Seesaw Pre-school

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About Seesaw Pre-school

Name Seesaw Pre-school
Ofsted Inspections
Address The Galfrid School, Galfrid Road, Cambridge, CB5 8ND
Phase Childcare on Non-Domestic Premises, Sessional day care
Gender Mixed
Local Authority Cambridgeshire
Highlights from Latest Inspection

What is it like to attend this early years setting?

The provision is good

Children enthusiastically choose what they would like to play with and explore in the pre-school. They gather around the water tray and watch what happens when the water overflows from a watering can they have filled.

Staff encourage them to describe what they see, helping them use mathematical language, such as 'full' and 'heavy'.Children feel valued in the pre-school. They choose where their artwork should be displayed on the walls.

Staff ask children what they would like to be written next to their pictures, contributing to children's growing positive self-esteem. Children share their own family books with friends. ...The individual books contain photographs of important people in each child's life, helping them identify differences and similarities they can celebrate.

Children pretend to be dentists. They brush models of teeth, allowing them to practise how to brush their own teeth. This contributes to children's growing awareness of good oral health.

From a young age, children confidently know why and how to wash their hands, helping them develop good hygiene routines.

What does the early years setting do well and what does it need to do better?

Staff encourage children to think about objects placed in a clear cube. Children actively seek out the 'curiosity cube' to see what is inside.

They talk with their friends and staff about what they see and understand about the objects. This helps children gain confidence to speak in small groups.The manager carefully allocates additional funding received for individual children to help support their learning and development.

This helps to ensure that all children make good progress during their time in the pre-school.Children are happy and settled in the pre-school. Staff supportively reassure, praise and encourage new children who quickly build strong and trusting bonds with their key persons.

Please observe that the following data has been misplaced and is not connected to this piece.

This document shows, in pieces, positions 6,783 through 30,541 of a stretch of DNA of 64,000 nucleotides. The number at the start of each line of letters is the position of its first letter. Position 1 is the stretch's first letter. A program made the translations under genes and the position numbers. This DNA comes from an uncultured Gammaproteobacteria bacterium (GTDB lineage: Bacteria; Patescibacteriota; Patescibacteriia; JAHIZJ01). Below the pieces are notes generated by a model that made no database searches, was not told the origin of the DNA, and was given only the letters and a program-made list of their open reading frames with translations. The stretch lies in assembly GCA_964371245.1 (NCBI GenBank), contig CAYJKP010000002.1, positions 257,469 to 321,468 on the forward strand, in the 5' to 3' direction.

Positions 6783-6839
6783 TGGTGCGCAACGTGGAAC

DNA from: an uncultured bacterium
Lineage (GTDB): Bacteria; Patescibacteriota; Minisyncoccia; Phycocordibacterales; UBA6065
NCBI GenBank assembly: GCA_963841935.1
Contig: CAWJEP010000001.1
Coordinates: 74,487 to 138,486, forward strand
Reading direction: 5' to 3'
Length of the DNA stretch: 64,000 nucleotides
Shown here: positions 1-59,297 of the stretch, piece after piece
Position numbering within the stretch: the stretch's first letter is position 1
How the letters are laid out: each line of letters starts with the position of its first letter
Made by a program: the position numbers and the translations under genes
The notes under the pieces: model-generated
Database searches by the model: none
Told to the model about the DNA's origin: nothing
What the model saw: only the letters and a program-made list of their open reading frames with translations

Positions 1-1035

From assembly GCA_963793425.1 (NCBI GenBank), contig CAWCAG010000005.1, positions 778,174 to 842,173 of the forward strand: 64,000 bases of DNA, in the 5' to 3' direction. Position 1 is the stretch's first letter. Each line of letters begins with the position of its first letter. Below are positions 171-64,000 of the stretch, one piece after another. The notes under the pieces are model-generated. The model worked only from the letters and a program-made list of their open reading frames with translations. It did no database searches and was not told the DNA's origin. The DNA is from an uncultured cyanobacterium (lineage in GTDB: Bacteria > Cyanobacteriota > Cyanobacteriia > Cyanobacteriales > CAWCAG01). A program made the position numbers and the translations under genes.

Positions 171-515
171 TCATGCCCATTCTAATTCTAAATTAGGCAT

This helps children feel safe and secure.Staff work closely with parents and carers. Together they discuss how they can consistently manage children's behaviour, emotions and key developmental milestones.

For example, staff and parents discuss the best time to begin toilet training. This helps children's transition from wearing nappies to be as smooth as possible.Children with special educational needs and/or disabilities are well supported.

Dedicated staff help them identify their emotions when they pick pebbles with a face that represents how they are feeling. Staff encourage children to find the words they need to describe that feeling, helping children build positive ways to express themselves.Children have a positive attitude towards learning.

They gather around staff to see and hear what they are doing with others, squeezing in to listen to a story or to play in the home corner. The manager ensures that the younger children have opportunities to play and learn in smaller groups away from their older peers. This helps children learn at their own pace at a level that suits their stage of development.

The manager ensures staff have regular supervision meetings to help identify training and support methods to help build on their professional development. In addition, regular team meetings help all the team openly discuss how to make continual improvements to the quality of education they provide.Staff understand their roles to help keep children safe and healthy in the pre-school.

This includes completing routine tasks. However, at times, staff prioritise these routines over the learning experiences children have. For example, when children are engrossed in listening to a story, they are taken to have their nappies changed.

This reduces opportunities children have to reach a natural end in their chosen activity.Staff use regular assessments to help them identify what children need to learn next in a sequence that builds on what they already know and understand. However, not all staff effectively use this information to consistently offer new experiences and challenges that are suited to children's individual learning needs.


The arrangements for safeguarding are effective.Staff regularly update and refresh their knowledge and understanding about safeguarding, helping them remain vigilant in their roles. The manager has undertaken specific training to help her and the chair of the management committee select and recruit staff who are suitable to work with children.

The manager ensures that any new staff quickly familiarise themselves with the policies and procedures they need to follow. This contributes to the ability all staff have to record and report any concerns they might have about children's well-being.

What does the setting need to do to improve?

To further improve the quality of the early years provision, the provider should: nallow children time to find a natural end in their play and explorations, which includes finding ways to reduce unnecessary disturbance during routine tasks support staff to continue to build on what children already know and understand in exciting and memorable ways.

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